LORD  BYRON  and  his  TIMES
Documents Biography Criticism

Memoirs of the Affairs of Greece
Chapter VI

Chapter I
Chapter II
Chapter III
Chapter IV
Chapter V
‣ Chapter VI
Chapter VII
Chapter VIII
Chapter IX
Chapter X
Chapter XI
Chapter XII
Chapter XIII
Chapter XIV
Chapter XV
Chapter XVI
Chapter XVII
Chapter XVIII
Chapter XIX
Chapter XX
Chapter XXI
Chapter XXII
Chapter XXIII
Chapter XXIV
Chapter XXV
Chapter XXVI
Chapter XXVII
Chapter XXVIII
Chapter XXIX
Chapter XXX
Chapter XXXI
Chapter XXXII
Chapter XXXIII
Chapter XXXIV
Chapter XXXV
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Author introduced to Mavrocordato—Description and character of that chief—Manner in which the Greek chiefs conducted themselves—Cost of Greek arms and ornaments.

The day after my arrival, I presented myself to the Governor-General of Western Greece, Mavrocordato; anxious to see a man who had such a reputation in Europe. He had arrived a few days before on board the Greek vessels, that were engaged in the late action off Ithaca; being there as passenger with his suite; not, as Sir Thomas Maitland supposed in his proclamation, in the character of Commander. On the appearance of the Turkish fleet in June, the inhabitants of Mesolonghi, mindful of his services, and how he had, in 1822, contributed to the preservation of their town, began to feel the necessity of his presence; and at the same time, that they petitioned the senate to send the fleet to their assistance, they requested, that Mavrocordato might be appointed their eparch, instead of Constantino Metaxà; a Cephaloniot nobleman, whose arrogancy, they asserted, was equalled only by his incapacity.

When the petition arrived, Mavrocordato was at Hydra; where he had taken refuge; happy to escape the vengeance of Colocotrone, who had twice attempted to assassinate him. Although president of the legislative body, he willingly accepted the proposal of the Mesolongiots; not only because it placed him beyond the attempts of his numerous enemies;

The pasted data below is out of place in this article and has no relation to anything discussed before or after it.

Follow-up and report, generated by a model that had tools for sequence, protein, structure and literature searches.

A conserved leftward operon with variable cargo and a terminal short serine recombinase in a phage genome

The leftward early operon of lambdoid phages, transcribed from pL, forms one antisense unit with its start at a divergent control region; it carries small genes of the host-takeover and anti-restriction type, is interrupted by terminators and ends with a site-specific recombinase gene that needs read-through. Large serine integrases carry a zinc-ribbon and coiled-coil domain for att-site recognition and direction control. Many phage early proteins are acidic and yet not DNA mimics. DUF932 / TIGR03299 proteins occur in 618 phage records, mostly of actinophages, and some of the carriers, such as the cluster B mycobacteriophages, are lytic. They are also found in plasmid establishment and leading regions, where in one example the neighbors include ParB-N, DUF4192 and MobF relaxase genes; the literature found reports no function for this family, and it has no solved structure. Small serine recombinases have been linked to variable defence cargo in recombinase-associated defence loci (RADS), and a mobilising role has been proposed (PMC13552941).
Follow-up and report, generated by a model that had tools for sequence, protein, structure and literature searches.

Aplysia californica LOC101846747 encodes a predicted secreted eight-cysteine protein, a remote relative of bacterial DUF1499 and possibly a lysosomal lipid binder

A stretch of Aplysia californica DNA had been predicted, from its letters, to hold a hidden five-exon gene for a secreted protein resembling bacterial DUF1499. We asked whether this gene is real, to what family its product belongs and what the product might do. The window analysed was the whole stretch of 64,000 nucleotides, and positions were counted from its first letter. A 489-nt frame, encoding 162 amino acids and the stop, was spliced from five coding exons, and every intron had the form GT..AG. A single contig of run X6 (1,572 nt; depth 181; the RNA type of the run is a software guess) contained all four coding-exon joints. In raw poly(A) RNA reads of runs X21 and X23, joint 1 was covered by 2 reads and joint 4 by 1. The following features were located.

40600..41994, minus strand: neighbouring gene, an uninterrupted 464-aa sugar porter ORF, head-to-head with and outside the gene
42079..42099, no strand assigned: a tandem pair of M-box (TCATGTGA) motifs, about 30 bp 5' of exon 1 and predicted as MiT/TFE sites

but because he hoped to add fresh laurels to the crown, which Greece had there bestowed upon him. The fleet did not second his impatience, nor that of the Mesolonghiots; for several weeks elapsed before the sailors could be prevailed upon to put to sea; refusing to depart, till they received three months’ pay in advance. Not one of the wealthy capitani or primates of Peloponnesus, or of the islands, notwithstanding the danger which threatened Mesolonghi, would advance the 20,000 dollars which were required. Seeing this, a foreigner,
Lord Byron, more alive than themselves to their own interests, supplied the sum upon his own credit.

I found the prince on a divan, on which sat, cross-legged, several of the Roumeliot capitani; whom, immediately after his arrival, he had convoked to a general assembly. Numerous servants, armed with silver pistols and yataghans, waited on the company. They presented them with coffee and pipes, observing precisely the same ceremonial as the Turks; or with the hand, folded on the breast, they stood expecting their masters’ commands. As Mavrocordato was busily occupied in conversation with the capitani, I had leisure to observe his physiognomy. The ensemble of his head was excessively fine, being very large in proportion to his body; and its bulk was not a little increased by his bushy jet black hair and prodigious whiskers. His thick eye-brows and huge mustachios gave a wild, romantic, expression to his features, which could not but produce a striking effect on a stranger. The expression of his physiognomy was that of a clever, penetrating, ambitious man. His large Asiatic eyes, full of fire and wit, were tempered by an expression of goodness. His looks had not, perhaps, sufficient dignity; for they had a kind of indecision, and timid flutter, which